Pile-driving specialist gears up in nearshore marine construction industry
CIS, an Acteon company that installs conductors and piles for the oil and gas and nearshore marine construction industries, announced that it has completed a major pile-driving operation in conjunction with the construction of a new $240 million state-of-the-art phosphates terminal in Jordan. The terminal is purpose-built to export and handle upwards of six million tonnes of rock phosphate in bulk annually. It is located in the South Port section of the New Port of Aqaba, and features storage facilities, off-loading systems and handling and ship-loading equipment.
CIS performed a series of pile-driving operations to form the foundations of the new terminal, which features a new dry bulk export jetty, and dust and spillage control facilities. The storage plant, load transfer building, and berthing maritime terminal for exporting phosphates are located onshore. Offshore, the complex is comprised of a 190m-piloted berthing area with two parallel-to-coastline structures that support two loading bays, two mooring dolphins, an access bridge and two bridges that connect the structures.
Working nearshore poses unique challenges
With one of its S-150 hydraulic hammers situated offshore on a crane barge in depths of up to 23 meters (75.45 feet) and a second positioned onshore, the CIS crew operated the two hammers simultaneously. As a result, 16 piles measuring Ø914mm (36 inches) were driven to a maximum penetration of 25 metres (85.02 feet) to ensure that the essential onshore facilities would be built on solid foundations.
Following completion of the pile-driving phase carried out as part of the construction of the onshore portion of the jetty approach, CIS began working on the offshore construction phase. This involved driving 149 jetty support piles measuring Ø914mm (36 inches) as part of the construction of berthing structure and three bridges. Again, CIS drove the jetty support piles with pinpoint accuracy with the aid of surveyors and the hydraulic hammer on the piling crane. Every pile was safely driven to its intended target depth without incurring a single Lost Time Incident (LTI). All 165 piles were driven safely and efficiently, well within the requisite timeframe for completion.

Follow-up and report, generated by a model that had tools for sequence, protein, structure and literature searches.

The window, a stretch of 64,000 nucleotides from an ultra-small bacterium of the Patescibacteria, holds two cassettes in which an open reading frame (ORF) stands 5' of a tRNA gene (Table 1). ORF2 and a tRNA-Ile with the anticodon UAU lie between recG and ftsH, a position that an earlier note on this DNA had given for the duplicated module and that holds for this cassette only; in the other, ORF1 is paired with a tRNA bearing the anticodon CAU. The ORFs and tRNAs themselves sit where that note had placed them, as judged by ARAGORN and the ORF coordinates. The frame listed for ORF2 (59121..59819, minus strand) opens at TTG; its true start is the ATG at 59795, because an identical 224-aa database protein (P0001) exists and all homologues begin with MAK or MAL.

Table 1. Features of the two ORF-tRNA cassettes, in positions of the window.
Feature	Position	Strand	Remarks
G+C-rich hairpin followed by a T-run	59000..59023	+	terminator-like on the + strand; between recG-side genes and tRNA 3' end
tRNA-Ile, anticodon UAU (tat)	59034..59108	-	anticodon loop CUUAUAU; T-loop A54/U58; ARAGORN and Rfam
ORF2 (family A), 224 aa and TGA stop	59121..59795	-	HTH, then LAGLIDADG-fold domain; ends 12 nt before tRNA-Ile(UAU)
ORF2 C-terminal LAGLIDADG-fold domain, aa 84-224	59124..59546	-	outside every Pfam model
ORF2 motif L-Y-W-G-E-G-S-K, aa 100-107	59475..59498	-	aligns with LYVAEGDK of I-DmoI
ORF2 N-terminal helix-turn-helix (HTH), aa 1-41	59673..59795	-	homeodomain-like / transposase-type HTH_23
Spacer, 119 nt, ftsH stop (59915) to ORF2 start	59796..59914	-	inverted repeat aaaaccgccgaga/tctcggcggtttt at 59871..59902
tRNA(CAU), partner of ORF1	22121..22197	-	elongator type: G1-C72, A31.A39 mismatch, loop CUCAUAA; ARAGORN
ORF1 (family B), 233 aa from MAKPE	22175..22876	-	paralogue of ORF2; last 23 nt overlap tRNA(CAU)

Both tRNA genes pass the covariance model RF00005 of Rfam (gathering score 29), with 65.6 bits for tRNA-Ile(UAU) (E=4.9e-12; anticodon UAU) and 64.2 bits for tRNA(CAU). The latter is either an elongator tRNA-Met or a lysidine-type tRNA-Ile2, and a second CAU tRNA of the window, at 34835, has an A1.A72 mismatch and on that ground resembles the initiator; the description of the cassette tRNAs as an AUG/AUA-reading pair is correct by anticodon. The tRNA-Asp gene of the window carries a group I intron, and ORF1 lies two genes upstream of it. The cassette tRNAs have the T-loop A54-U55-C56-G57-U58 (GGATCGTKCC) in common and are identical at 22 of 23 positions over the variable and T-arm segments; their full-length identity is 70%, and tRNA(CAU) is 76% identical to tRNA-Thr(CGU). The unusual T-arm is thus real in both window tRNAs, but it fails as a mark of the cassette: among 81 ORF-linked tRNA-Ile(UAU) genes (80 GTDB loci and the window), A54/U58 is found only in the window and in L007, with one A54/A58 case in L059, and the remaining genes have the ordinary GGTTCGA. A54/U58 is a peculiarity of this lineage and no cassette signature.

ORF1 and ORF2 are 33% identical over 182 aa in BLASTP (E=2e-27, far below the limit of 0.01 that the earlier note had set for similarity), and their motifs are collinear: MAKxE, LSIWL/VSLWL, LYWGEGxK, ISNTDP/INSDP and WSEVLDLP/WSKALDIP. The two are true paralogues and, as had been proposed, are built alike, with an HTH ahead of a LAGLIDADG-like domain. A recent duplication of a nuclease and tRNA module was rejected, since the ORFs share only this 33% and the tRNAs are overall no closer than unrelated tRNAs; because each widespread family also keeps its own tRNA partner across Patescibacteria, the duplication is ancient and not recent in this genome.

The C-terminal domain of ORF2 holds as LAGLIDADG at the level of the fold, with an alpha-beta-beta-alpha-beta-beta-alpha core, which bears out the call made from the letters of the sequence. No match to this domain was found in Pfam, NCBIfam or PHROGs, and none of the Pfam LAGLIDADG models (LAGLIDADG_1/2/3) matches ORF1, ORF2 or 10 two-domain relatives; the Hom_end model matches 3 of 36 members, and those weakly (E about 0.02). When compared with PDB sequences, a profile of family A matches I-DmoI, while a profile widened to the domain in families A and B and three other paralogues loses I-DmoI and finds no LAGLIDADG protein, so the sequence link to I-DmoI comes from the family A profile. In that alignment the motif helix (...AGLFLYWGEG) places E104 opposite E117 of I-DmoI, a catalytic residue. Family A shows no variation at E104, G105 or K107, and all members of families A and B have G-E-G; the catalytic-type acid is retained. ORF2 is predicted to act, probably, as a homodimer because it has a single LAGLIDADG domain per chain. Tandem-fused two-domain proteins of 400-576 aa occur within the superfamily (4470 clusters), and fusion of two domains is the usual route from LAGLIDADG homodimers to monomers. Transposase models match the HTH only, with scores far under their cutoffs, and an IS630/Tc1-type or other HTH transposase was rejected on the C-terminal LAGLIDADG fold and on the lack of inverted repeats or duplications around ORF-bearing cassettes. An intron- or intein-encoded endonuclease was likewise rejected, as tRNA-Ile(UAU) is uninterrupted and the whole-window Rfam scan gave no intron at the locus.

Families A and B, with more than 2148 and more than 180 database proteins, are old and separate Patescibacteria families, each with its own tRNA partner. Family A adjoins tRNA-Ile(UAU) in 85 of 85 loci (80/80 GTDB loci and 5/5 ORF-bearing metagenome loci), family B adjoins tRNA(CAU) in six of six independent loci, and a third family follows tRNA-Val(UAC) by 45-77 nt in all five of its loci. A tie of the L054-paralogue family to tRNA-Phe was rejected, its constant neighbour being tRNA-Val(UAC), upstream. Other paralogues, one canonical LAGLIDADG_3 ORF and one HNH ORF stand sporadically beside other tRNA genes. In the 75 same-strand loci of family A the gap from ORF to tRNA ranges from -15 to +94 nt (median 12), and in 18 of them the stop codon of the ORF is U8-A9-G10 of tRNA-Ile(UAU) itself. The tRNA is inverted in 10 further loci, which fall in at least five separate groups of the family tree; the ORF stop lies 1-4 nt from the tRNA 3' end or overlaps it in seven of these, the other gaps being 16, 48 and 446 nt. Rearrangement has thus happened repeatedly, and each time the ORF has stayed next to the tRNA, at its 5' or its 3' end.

Keys to success
Operating for the first time in Jordan, the operational aspects of the job were challenging. “The logistics of working simultaneously onshore and offshore was in and of itself a challenge, compounded by the extremely high temperatures in Jordan. To address this, our engineers dedicated a great deal of time to developing a highly detailed pile-driving plan, with complete guidance on coordinating the onshore team with the crane barge. This detailed plan was finalised well in advance of the scheduled start date, paving the way for completing the job on schedule,” said James Chadd, Managing Director of CIS.
“The success of the operation should also be attributed to the experience of our crew and its meticulous attention to executing that plan to the letter. Plus, maintaining clear communications with the customer and all parties involved. The entire operation was completed on time without a single LTI and this illustrates our ability to work safely and efficiently. We look forward to executing many more pile-driving operations, as we gear up to expand our activities in this dynamic and challenging market,” he added.
To support the operation, CIS drew upon the expertise of its personnel and state-of-the-art hammer equipment based at the company’s global headquarters in Great Yarmouth, England.